Day 19: Ocean Beach, Bream Head, and Road Walk to Reotahi Bay
Tuesday, November 28, 2023 7:59 pm
Location: Reotahi Bay Campsite (400.0 km)

After continuing along Ocean Beach, we traversed the Bream Head ridge, arriving at Whangarei Harbour, ready to cross on a ferry tomorrow.

We woke up a bit earlier than we’d planned, thanks to a couple of really loud and annoying birds that started chirping around 5:30 am, half an hour before sunrise.

We got off to a good start; despite camping on a grassy field, our tent was remarkably dry, which made it a lot easier to pack up.

We scheduled our ferry for tomorrow to cross Whangarei Harbour with Blair. Initially, we’d asked for 11 am, since that’s when we thought he would first be available, but he proposed 8 am. This was perfect given, we’d be camping about a two minute walk from where his ferry departs, and would prevent another late start.

We walked back to Ocean Beach, and continued south, again near high tide, giving us a strenuous, but steady pace down the beach.

Ocean Beach and Bream Head
Ocean Beach and Bream Head

About half an hour down the beach, we came across a dead shark, about two meters long, that had washed up. It had a few small wounds and a large bite mark near its tail that was presumably its primary cause of death.

Washed-Up Shark
Washed-Up SharkThis dead, washed-up shark on Ocean Beach has a large bite mark near its tail.

About two thirds of the way down the beach, the trail climbed an extremely steep dune. Though anchored a bit with some grasses, the sand eroded away with every step. Fortunately, there were also good handholds, in the form of grasses and roots and woody stems of a few trees. It’s hard to see how a trail even exists here one a few people climb it, but we were able to make it work.

At the end of the beach, a more firm but steeper trail began the climb up Bream Head, and CareFree and I stopped for a break at a small flat area on a shoulder that afforded a great view of the surrounding area. Peter and Susanna continued on.

Ocean Beach and the Bream Islands
Ocean Beach and the Bream Islands

We had a quite nice break before continuing on, resuming our slow, steep climb up Bream Head. As we got higher, we got a glimpse of an oil refinery across Whangarei Harbour, which we’ll pass by tomorrow. The trail was fairly nice, though once it entered forest it became a bit more rocky and rooty, with some occasional stairs. Just before that, the trail passed the remains of a World War II radar station.

Ocean Beach from West of Bream Head
Ocean Beach from West of Bream Head

The climb was slow and tiring, but the trail stopped just short of summiting Bream Head, itself a jagged rock outcrop down a short side trail that required more climbing than I was willing to do to crest.

We continued downhill for a short while, somewhat steeply with a few staircases, before trail leveled out for a while. We stopped for a break at a well-placed bench with a view.

We continued on, making another steep climb up Mt. Lion, which the trail actually did summit. We caught up with Peter and Susanna just finishing their break at the summit. Almost immediately on the way down, an extremely long run of staircases followed; CareFree counted well over 1000 stairs, easily the longest staircase I’ve ever descended. They were well-built, though, and it was not difficult to maintain a steady descent.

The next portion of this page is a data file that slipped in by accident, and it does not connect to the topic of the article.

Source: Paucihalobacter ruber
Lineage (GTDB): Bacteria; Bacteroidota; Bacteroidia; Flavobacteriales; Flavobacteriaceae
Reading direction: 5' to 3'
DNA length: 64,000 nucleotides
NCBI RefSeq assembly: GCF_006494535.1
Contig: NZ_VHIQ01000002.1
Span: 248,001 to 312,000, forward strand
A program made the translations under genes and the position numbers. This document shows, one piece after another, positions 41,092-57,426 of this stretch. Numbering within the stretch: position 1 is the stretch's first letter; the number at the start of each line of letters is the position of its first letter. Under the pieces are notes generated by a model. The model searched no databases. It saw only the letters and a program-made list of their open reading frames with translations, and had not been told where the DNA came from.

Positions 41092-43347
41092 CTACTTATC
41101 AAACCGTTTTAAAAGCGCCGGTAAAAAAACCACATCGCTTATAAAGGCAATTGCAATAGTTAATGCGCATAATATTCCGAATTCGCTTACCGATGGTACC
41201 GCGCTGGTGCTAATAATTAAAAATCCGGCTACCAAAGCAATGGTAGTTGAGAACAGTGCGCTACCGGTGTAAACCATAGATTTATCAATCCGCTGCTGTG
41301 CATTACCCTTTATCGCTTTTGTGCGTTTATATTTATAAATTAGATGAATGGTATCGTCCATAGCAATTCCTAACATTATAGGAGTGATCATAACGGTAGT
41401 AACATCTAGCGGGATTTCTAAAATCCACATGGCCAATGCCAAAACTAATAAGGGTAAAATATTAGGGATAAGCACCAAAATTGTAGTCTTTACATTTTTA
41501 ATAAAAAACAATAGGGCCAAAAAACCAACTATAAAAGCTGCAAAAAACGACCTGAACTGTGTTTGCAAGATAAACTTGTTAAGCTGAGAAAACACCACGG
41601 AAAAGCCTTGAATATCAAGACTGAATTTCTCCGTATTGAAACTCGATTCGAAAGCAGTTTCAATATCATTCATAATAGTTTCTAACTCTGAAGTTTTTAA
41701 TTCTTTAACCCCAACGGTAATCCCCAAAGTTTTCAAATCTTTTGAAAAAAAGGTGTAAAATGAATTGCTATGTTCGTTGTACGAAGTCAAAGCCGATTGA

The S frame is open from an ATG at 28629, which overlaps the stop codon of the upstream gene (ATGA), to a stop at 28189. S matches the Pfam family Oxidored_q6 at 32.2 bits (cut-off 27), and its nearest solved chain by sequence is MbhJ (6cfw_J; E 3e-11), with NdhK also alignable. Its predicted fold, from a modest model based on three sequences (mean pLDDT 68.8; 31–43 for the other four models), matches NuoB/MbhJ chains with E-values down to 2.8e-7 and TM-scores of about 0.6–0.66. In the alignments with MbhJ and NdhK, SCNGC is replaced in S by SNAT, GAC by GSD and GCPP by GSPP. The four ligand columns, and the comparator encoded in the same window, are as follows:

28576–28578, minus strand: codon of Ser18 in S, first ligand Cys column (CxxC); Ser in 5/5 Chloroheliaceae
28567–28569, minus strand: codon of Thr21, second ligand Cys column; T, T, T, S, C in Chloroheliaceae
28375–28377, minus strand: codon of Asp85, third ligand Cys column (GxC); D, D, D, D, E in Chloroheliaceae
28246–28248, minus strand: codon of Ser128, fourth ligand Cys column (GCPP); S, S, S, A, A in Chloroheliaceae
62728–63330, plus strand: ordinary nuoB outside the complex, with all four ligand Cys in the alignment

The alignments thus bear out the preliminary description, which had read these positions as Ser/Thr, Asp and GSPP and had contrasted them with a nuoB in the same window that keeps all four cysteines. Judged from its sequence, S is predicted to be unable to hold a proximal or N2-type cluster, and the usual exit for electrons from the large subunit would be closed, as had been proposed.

We emerged from the forest, and stopped momentarily to comment on how ridiculous the stairs were, when I spotted a bench a little further down the hill and moved quickly to get there to sit down.

The bench we stopped at was at a trail crossing, and we followed the other trail down to a trailhead that ended at a parking lot and toilets.

From there, we followed a paved road around Calliope Bay. The bay itself didn’t look very enticing, especially with the oil refinery in the distance.

Ducks and Ducklings
Ducks and Ducklings

Along the road, a school bus stopped and offered to give us a ride. CareFree especially was tempted, because this wasn’t a particularly fun road walk — the scenery wasn’t great, especially further on once it departed from the shore. We’d also missed a general store that had ice cream, and we were really looking forward to that.

We again caught up with Peter and Susanna at a fork in the trail; while they opted to stay on the official trail, we took a detour, going the opposite way around a mountain on a small peninsula into Whangarei Harbour, so that we could go past a restaurant to get ice cream.

The cafe we were looking for was closed, but next door was a Fish and Chips restaurant, so we got our ice cream, as well as cheeseburgers.

The mountain the trail (and our alternate) went around had rock spires reminiscent of some rather incredible spires we saw in La Gomera in the Canary Islands. These weren’t quite so impressive, but it was scenery I haven’t yet seen in New Zealand.

We arrived at the Reotahi Bay campsite shortly after 5. Having already had dinner, camp was relatively low-effort; we just needed to set up our tent. I took full advantage of a restroom with running water to finally get my Crocs cleaned off after yesterday’s swamp mishap.

By evening, our little bubble was all here: Peter and Susanna, Jess and Chris (who’d stopped early yesterday and hiked over 30 km today to get here), and Martin.

Thanks to the long, steep ascents and descents, today was one of our most tiring days so far. It was also second-shortest so far, behind the roadwalk from Ahipara to Kaitaia.

With CareFree getting off the trail tomorrow, we tried to do a bit more planning for where she would come back, but that’s still very much up in the air, depending on how long she has to remain in Auckland, and how quickly I progress. The weather forecast for next week is not looking amazing, either, with rain forecast for several days. But, we’ll figure it out…